I certainly hope as they continue their shakedown, that the management figures out a way to track how dishes leave the kitchen. It’s not a tapas restaurant where dishes arrive as they’re done. Clearly, the runners have been trained to deliver food as quickly as possible. It’s almost so rapid as to be comical.

As our gaze turns toward the lovely view, there’s a curious paradox that a bridge such as Gandy can be a nemesis while we’re crossing it in traffic, but can stir an emotional reaction when viewed in silhouette without obstructions as the sun sets behind it and dips below the horizon. Perhaps it’s the tropical cocktails we’re sipping.

We push aside the soups as our appetizers arrive. Gaspar’s tuna tartare is an old Florida ring mold recipe stacking luscious avocado under fresh tuna topped with green scallion rings and cubes of bright yellow, ripe mango. There’s a sesame and ginger soy drizzle and plenty of large, crisp malanga chips. It’s a beautiful and satisfying way to begin.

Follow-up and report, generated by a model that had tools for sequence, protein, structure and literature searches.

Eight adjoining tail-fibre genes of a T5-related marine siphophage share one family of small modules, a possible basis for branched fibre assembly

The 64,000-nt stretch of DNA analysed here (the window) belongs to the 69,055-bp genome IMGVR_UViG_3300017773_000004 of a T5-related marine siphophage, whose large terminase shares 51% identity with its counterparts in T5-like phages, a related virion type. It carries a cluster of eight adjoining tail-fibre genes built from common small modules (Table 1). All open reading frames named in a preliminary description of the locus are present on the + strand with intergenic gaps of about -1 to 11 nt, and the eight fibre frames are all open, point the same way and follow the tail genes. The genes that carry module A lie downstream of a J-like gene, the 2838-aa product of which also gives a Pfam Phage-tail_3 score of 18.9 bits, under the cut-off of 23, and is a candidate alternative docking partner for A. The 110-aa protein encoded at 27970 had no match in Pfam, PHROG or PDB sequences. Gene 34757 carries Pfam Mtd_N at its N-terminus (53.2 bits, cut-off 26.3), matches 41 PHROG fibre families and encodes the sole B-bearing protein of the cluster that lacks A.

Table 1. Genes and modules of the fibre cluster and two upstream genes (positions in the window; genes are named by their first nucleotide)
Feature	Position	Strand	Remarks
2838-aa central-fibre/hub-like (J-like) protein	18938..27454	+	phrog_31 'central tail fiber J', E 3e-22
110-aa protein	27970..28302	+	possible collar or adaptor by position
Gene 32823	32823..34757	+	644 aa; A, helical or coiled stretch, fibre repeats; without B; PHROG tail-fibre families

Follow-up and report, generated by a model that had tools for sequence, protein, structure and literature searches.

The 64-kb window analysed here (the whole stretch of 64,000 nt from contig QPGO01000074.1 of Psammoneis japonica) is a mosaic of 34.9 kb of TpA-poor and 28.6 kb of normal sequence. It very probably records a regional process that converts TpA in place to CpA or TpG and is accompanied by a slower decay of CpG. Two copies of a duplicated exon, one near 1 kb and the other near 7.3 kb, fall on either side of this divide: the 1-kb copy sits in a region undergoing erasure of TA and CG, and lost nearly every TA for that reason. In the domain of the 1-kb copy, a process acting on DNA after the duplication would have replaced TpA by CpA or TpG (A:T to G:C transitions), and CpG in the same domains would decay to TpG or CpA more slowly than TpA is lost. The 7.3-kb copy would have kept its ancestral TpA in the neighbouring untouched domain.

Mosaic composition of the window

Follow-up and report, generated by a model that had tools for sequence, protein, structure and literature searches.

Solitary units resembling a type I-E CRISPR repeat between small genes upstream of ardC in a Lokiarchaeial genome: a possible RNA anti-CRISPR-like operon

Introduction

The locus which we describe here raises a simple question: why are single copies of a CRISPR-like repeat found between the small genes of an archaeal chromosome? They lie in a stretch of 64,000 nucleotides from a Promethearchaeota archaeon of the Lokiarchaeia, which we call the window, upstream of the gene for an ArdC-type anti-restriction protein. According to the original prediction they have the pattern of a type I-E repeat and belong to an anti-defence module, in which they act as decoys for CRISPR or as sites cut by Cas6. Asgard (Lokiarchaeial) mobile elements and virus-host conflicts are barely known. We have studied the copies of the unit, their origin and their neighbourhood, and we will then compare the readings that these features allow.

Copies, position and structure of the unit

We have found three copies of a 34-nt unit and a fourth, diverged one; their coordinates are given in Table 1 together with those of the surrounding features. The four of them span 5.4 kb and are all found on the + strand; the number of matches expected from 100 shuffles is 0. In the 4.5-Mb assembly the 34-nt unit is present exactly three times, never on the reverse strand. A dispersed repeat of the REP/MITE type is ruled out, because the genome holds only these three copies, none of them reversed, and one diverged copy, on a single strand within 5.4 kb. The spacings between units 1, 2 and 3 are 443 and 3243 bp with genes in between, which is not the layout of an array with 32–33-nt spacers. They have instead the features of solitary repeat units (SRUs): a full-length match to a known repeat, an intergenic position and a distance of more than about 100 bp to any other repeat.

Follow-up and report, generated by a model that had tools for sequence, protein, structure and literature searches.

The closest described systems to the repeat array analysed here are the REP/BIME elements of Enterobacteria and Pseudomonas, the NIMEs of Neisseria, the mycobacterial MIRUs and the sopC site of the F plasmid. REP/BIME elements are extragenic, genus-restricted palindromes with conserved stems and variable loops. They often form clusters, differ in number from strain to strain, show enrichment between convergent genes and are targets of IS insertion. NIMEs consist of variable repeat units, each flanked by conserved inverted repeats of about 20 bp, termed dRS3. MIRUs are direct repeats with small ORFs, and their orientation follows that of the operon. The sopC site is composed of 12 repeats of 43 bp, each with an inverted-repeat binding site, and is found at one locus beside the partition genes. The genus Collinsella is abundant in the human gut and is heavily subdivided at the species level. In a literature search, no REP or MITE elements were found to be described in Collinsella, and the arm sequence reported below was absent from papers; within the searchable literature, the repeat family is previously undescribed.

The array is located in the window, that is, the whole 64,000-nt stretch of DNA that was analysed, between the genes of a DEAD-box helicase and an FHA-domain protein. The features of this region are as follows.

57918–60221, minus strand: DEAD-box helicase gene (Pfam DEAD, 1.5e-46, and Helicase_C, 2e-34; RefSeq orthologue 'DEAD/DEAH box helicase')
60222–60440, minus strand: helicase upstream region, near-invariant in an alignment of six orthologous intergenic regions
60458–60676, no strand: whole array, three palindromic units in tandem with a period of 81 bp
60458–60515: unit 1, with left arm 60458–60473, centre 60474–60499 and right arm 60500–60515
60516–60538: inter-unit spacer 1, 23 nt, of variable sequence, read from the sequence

Even better is the perfect smoked mahi spread made fresh daily from Tim Nachman’s famous Redington Shores family recipe. I’ve eaten lots of fish spread, but this strikes my whole table as the perfect combo of creaminess and smoke. I usually don’t opt for jalapeño, but thin slices are included with more of the same delicious malangas for dipping.

The Caribbean fritters of the day are supposedly filled with crab and chorizo. I pick up one of the golf ball-sized brown orbs and take a bite. “Hmmm… try one of these,” I say to my tablemate who hates crab and finds chorizo too spicy. “It’s tasteless and doughy,” is the reply. “Thanks, that’s just what I thought.”

Our entrees are also a mixed bag. The skewered, grilled Gulf tail-on shrimp are lusciously coated with flavorful banana chutney. They sit on a bed of fluffy rice dotted with dark peas. An adjacent radicchio leaf is stuffed with crisp julienned jicama slaw. They include a shot of cooling guava cocktail and some Caribbean tartar sauce.

click to enlarge Tampa's Salt Shack plants its flag as a quintessential, but upscale, beach bar